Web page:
Open since 2014, there’s enough lawn for some guests to enjoy their burgers at shaded picnic tables. Though the owners concede a kid’s grilled cheese and a chicken sandwich, the rest of the menu is made up of simple permutations of a traditional burger with traditional condiments. There is no soda fountain, and no deep fryer.’
What keeps North Texans, and increasingly “burger tourists,” flocking to Kelly Family Farms is the beef within the buns. The family sources all their beef from their Bonham ranch. You can purchase some in as small a quantity as a single-patty burger or in bulk.
“I’ve had people tell me our burgers remind them of what burgers tasted like when they were a child,” Kelly says. “That is always neat to hear.”
The Burger Bar has served up burgers from inside a tiny building over 100 years old in Cleburne since 1949. Almost as purist in its traditionalism as Herd’s in Jacksboro, Burger Bar makes most of its food on a little ivory-handled cast-iron griddle even older than the building. As owner Casey Waits said, “It’s a local favorite of everyone from railroad work-ers to judges.”
Burger Bar has indoor seating for all of three people at its countertop. Drinks come from a cooler, not a fountain. Burgers are pretty much the only thing on the menu, though a patty melt and a BLT are available, and vegetarians can order a grilled cheese or veggie burger patty. And though the Burger Bar is only open five hours per day, that doesn’t stop them from selling around 600 burgers a week.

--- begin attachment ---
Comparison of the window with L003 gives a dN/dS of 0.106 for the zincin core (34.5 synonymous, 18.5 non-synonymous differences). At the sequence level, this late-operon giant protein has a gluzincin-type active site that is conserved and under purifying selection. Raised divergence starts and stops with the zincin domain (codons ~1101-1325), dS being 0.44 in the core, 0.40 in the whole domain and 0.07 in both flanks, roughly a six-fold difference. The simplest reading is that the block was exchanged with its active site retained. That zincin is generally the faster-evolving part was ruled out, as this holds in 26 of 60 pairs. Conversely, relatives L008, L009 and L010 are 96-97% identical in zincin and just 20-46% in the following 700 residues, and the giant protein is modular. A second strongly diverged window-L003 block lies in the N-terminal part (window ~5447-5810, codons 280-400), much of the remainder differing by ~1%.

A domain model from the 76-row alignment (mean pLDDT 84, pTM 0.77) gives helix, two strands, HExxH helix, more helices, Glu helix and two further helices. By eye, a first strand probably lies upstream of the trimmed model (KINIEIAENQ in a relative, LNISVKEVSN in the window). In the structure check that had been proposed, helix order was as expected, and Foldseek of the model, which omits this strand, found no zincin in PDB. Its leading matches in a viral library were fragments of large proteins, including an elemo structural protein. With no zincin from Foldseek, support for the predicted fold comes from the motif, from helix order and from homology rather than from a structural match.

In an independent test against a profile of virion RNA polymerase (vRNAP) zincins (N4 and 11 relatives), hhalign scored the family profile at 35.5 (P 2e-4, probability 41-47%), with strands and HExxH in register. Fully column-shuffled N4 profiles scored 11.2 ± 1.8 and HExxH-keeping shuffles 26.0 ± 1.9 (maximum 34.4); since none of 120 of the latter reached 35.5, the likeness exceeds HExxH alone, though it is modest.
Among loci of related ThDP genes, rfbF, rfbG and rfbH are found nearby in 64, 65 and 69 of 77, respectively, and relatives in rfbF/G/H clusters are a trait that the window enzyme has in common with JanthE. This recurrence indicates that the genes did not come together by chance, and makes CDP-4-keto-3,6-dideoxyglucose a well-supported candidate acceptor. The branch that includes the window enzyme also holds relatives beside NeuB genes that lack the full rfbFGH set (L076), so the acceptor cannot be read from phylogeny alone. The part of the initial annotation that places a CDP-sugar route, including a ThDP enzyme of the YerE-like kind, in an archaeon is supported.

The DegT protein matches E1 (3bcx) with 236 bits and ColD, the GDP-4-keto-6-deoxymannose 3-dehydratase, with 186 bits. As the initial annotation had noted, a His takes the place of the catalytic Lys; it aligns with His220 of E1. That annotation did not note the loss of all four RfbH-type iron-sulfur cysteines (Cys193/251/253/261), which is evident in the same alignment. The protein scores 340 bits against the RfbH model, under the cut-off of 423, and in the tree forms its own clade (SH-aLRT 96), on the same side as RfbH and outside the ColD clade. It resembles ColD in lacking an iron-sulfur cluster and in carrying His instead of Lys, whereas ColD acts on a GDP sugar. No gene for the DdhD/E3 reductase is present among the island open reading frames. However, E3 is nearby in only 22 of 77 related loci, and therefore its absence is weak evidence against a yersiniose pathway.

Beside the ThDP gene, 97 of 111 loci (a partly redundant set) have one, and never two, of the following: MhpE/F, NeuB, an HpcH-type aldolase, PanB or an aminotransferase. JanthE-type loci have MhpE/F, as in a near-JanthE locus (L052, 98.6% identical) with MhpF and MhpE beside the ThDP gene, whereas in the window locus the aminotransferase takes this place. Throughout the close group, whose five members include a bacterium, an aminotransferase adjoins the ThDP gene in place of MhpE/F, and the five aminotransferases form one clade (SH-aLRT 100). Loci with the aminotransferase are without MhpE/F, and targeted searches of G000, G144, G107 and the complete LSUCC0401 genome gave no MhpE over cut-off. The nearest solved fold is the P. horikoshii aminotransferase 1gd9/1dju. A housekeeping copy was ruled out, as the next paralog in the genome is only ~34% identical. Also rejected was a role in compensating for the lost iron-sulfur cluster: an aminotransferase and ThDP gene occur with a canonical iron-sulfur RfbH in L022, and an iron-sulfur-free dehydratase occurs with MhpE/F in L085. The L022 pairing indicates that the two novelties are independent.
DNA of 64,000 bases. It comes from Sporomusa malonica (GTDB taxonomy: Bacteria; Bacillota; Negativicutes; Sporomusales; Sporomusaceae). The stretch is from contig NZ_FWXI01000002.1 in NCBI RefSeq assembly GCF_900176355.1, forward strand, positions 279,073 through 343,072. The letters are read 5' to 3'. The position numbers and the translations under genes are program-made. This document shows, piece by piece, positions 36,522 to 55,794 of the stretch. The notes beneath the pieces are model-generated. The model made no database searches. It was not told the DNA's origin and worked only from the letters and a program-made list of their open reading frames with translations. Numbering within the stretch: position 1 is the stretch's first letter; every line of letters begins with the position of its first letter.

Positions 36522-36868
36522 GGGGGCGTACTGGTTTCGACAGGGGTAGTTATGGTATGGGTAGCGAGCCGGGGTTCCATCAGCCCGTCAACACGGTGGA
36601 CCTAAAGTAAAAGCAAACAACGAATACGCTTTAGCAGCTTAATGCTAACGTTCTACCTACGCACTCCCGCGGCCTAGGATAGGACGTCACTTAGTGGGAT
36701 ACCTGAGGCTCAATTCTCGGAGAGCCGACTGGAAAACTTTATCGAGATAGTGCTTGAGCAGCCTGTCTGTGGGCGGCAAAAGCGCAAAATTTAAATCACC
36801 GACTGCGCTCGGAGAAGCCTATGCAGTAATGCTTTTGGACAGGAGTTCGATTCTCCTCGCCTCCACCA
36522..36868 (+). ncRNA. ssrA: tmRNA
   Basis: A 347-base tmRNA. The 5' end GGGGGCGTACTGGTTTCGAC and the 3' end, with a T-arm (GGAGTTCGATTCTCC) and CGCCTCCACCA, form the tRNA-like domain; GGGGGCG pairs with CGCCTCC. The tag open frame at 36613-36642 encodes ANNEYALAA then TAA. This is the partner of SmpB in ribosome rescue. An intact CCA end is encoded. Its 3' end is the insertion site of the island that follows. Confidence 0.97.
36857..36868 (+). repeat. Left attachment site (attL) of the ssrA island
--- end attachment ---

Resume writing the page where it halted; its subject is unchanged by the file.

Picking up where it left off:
The venue serves up eight burgers on its year-round menu, ranging in prices from $6.50 to $8.50. The burgers are named after local landmarks, former employees, and customers. There’s the “Elmore,” which is a classic that includes lettuce, tomato, onion, pickle, and your choice of condiments. If you add cheese to that, you’d have an “Anglin.”
From there, entrées get a little more exotic—from the the “Bledsoe” topped with crispy onion strings and a dab of barbecue sauce to the fiery “Santa Fe,” starring house-made pico, pepper jack cheese, and Cholula sauce.
Burger Bar also offers fries so fresh, the cooks pull out a whole potato for each customer and prepare it straight on the fry cutter hanging on the wall. According to Burger Bar’s marketing manager, Nealie Sanchez, “People really, really love it.”
Burger Bar 1949
109 N. Anglin St., Cleburne.